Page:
Pharma still reluctant to back gamification for health; interview
The pharma industry has been making great strides forward in digital health, but one element of that – gamification – hasn’t yet made much headway in the sector. Armed with new data from a randomised clinical trial, one company is hoping to change that mindset.
The company is FriendsLearn – based in India and with an R&D office in San Francisco – which recently reported results from a trial showing that its fooya! app was able to induce healthy food and lifestyle habits among a group of 104 children aged 10 to 11.
FriendsLearn hopes that use of gaming apps like fooya! could help to curb rising levels of childhood obesity among children, using neuroscience, artificial intelligence and virtual reality to improve dietary choices, physical activity and health literacy.
[caption id="attachment_75289" align="alignright" width="200"] Bhargav Sri Prakash[/caption]
The company’s founder and chief executive Bhargav Sri Prakash told pharmaphorum that the clinical study, published in the journal JMIR mHealth and uHealth, showed that just 20 minutes of gaming time a week had a strong positive impact on children’s food choices when polled immediately following the game.
“Our methods of gamified neuro-cognitive training have been designed and built to stimulate the brain of children in specific ways, through patterns of messaging and exposure to visual, auditory, and tactile stimuli,” he said.
“This trial validates effective transference of our neuro-modulation methods to behavioural outcomes, while validating the appropriate level of dose exposure.”
In fooya!, an avatar fights against robots that represent unhealthy/bad foods, with the aim of maintaining a good body shape for the avatar and earning enough coins to win the level and unlock the next stage. Avatars perform better if they eat healthy foods and move a lot, and are slower and heavier as they consume more calories.
Sri Prakash describes FriendsLearn’s approach as administering a “digital vaccine” that along with changing habits could induce an immune response through biological pathways of the gut-brain axis – a two-way communication channel linking emotional and cognitive centres of the brain with peripheral intestinal functions.
The company is continuing to evaluate fooya! to generate real world evidence about its effects, as well as to monitor for any side effects, with the help of collaborators at Carnegie Mellon, Johns Hopkins Bloomberg School of Public Health, and Stanford University in the US, as well as the National University of Singapore.
Meanwhile, its turning its attention to other apps, notably fooya!D aimed at people living with diabetes, which is undergoing clinical testing in the US and India.
“fooya!D is designed to cater to paediatric diabetes populations, to assist them with self-care through better adherence to clinically prescribed diet and lifestyle, as well as in regulating their glycaemic levels through the appropriate use of insulin,” said Sri Prakash.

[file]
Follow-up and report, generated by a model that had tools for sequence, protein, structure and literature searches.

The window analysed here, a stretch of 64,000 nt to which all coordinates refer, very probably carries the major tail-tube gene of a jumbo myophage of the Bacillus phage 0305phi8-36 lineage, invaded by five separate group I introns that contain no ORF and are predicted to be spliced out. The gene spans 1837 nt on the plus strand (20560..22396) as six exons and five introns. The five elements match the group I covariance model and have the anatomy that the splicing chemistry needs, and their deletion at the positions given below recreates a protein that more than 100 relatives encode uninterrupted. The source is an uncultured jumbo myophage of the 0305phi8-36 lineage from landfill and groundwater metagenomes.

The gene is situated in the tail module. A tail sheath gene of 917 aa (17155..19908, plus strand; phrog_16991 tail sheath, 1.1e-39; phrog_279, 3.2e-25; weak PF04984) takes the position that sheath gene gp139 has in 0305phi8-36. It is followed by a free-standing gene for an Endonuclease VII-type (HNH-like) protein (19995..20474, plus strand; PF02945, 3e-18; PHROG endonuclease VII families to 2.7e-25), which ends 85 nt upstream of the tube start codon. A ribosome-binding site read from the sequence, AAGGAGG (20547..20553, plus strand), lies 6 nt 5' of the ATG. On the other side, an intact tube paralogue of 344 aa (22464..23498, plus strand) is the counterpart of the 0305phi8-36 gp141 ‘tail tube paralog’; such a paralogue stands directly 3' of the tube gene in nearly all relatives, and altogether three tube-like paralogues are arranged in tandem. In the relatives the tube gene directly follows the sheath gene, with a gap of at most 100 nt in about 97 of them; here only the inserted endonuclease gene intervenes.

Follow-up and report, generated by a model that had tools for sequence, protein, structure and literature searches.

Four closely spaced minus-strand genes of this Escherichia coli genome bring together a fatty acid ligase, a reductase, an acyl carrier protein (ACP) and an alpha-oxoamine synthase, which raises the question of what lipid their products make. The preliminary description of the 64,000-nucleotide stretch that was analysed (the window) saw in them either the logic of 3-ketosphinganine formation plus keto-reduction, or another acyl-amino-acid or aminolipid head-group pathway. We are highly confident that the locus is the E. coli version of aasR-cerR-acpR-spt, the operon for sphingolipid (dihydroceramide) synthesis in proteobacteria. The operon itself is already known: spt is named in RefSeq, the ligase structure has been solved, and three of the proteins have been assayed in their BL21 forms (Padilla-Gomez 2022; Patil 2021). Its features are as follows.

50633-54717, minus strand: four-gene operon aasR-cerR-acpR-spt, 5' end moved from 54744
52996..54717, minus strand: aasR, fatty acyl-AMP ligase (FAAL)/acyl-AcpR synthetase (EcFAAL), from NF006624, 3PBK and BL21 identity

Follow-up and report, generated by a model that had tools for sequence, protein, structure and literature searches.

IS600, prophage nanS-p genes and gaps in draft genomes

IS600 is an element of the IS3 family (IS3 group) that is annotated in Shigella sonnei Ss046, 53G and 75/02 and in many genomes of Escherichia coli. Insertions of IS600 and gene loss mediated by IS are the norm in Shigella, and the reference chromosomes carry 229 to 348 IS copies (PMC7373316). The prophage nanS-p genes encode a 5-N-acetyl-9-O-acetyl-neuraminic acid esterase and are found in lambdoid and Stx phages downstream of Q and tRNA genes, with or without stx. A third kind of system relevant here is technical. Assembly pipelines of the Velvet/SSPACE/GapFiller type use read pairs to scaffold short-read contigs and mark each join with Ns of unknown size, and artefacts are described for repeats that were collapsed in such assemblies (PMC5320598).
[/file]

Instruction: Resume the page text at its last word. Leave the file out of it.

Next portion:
Also in the pipeline is a pair of apps – dubbed FYA-003 and FYA-004, respectively – that are intended to help people prevent infection with SARS-CoV-2 and influenza viruses, for example by encouraging hand washing, disinfecting surfaces, social distancing, etc.
While the data is starting to emerge on gaming apps for health, there is still a disconnect between the two sectors that is preventing more widespread adoption, according to Sri Prakash.
“There has not been visible precedent for commercially successful companies that have defended the viability of this space at the intersection of these disparate industries,” he said.
He warned that pharma risks being left behind in the area of gamification, allowing itself to be superseded by other players through a reluctance to back the approach with any deep conviction.
A high level of commitment would be required to take on the high standards for consumer-level engagement that is being set by big-budget productions by studio, as well as “deep skills in design and analytics-based iteration.”
At the same time, healthcare companies meanwhile have a whole different set of issues to contend with - clinical trials, patient data, regulatory pathways, physician buy-in, and reimbursement models – which are alien to the gaming sector. And added to that, sources of risk capital to fuel innovation have also existed in silos of expertise.
“While the opportunity to build evidence-based healthcare solutions with game-like engagement and sophistication, is abundantly clear, the cost of this multidimensional innovation is high,” said Sri Prakash.
“The opportunity is vast and investors that have the appetite for category creation are beginning to see the potential, especially given the momentum for digital health.”